# Magnetic field inside and outside cylinder with varying current density [closed]

I am reading through Introduction to Electrodynamics by David J. Griffiths and came across the following problem:

A steady current $I$ flows down a long cylindrical wire of radius $a$. Find the magnetic field, both inside and outside the wire if the current is distributed in such a way that $J$ is proportional to $s$, the distance from the axis.

If $J$ is proportional to the distance from the axis $r$, then we have:

$$\vec{J}(\vec{r})=kr\,\boldsymbol{\hat{z}}$$

We also have:

$$\iint_{\Sigma} \vec{J}(\vec{r})\cdot\:\mathrm{d}\vec{A}=I$$

We therefore have:

$$\int_{0}^{2\pi}\int_{0}^{a}kr^{2}\:\mathrm{d}r\:\mathrm{d}\theta=\frac{2\pi k a^{3}}{3}=I$$

And therefore we have:

$$\vec{J}(\vec{r})=\frac{3Ir}{2\pi a^{3}}\,\boldsymbol{\hat{z}}$$

Using Ampére's law we have:

$$2\pi r B = \mu_{0}I \implies \vec{B}(\vec{r})=\frac{\mu_{0} I}{2\pi r}\,\boldsymbol{\hat{\theta}}$$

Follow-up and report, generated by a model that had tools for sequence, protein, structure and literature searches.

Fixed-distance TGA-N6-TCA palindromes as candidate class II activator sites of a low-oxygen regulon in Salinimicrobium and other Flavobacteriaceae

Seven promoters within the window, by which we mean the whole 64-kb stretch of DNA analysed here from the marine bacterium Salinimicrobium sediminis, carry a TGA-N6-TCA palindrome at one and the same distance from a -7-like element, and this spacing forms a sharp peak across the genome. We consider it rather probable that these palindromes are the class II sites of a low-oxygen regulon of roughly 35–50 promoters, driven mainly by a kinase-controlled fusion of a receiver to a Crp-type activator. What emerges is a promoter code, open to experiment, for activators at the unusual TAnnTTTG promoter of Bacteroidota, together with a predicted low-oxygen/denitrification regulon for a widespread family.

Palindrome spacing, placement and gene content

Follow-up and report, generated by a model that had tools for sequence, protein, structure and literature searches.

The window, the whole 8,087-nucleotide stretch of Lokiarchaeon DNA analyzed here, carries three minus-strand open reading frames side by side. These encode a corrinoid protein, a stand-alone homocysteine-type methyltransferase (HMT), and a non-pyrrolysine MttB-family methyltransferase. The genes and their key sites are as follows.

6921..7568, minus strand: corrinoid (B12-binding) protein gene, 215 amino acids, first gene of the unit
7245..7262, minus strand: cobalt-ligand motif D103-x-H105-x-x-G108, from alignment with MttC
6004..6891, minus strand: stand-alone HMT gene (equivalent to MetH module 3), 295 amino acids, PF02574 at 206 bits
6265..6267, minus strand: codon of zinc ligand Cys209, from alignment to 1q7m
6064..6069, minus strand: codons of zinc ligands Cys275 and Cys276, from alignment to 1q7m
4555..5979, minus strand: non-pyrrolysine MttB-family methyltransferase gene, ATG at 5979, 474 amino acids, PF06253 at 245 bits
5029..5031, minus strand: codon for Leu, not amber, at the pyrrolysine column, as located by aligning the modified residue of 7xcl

If we take a Ampérian loop inside the cylinder, we have:

\begin{align} 2\pi r B &= \mu_{0} \iint_{\Sigma}\vec{J}(\vec{r})\cdot\:\mathrm{d}\vec{A} \\ &= \mu_{0}\int_{0}^{2\pi}\int_{0}^{r}\frac{3 I r'^{2}}{2\pi a^{3}}\:\mathrm{d}r'\:\mathrm{d}\theta \\ &= \frac{\mu_{0} I r^{3}}{a^{3}} \end{align}

And therefore we have:

$$\vec{B}(\vec{r})=\begin{cases}\frac{\mu_{0} I r^{2}}{2\pi a^{3}} \,\boldsymbol{\hat{\theta}} & r < a \\ \frac{\mu_{0} I}{2\pi r}\,\boldsymbol{\hat{\theta}} & r \geq a \end{cases}$$

Is this the correct magnitude and direction of the magnetic field?

## closed as off-topic by Rob Jeffries, Danu, ACuriousMind♦, Qmechanic♦Sep 9 '15 at 14:34

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• Final check - continuity of the solution at the boundary $r=a$. Which complements the sanity check you did. – Floris Oct 7 '14 at 4:10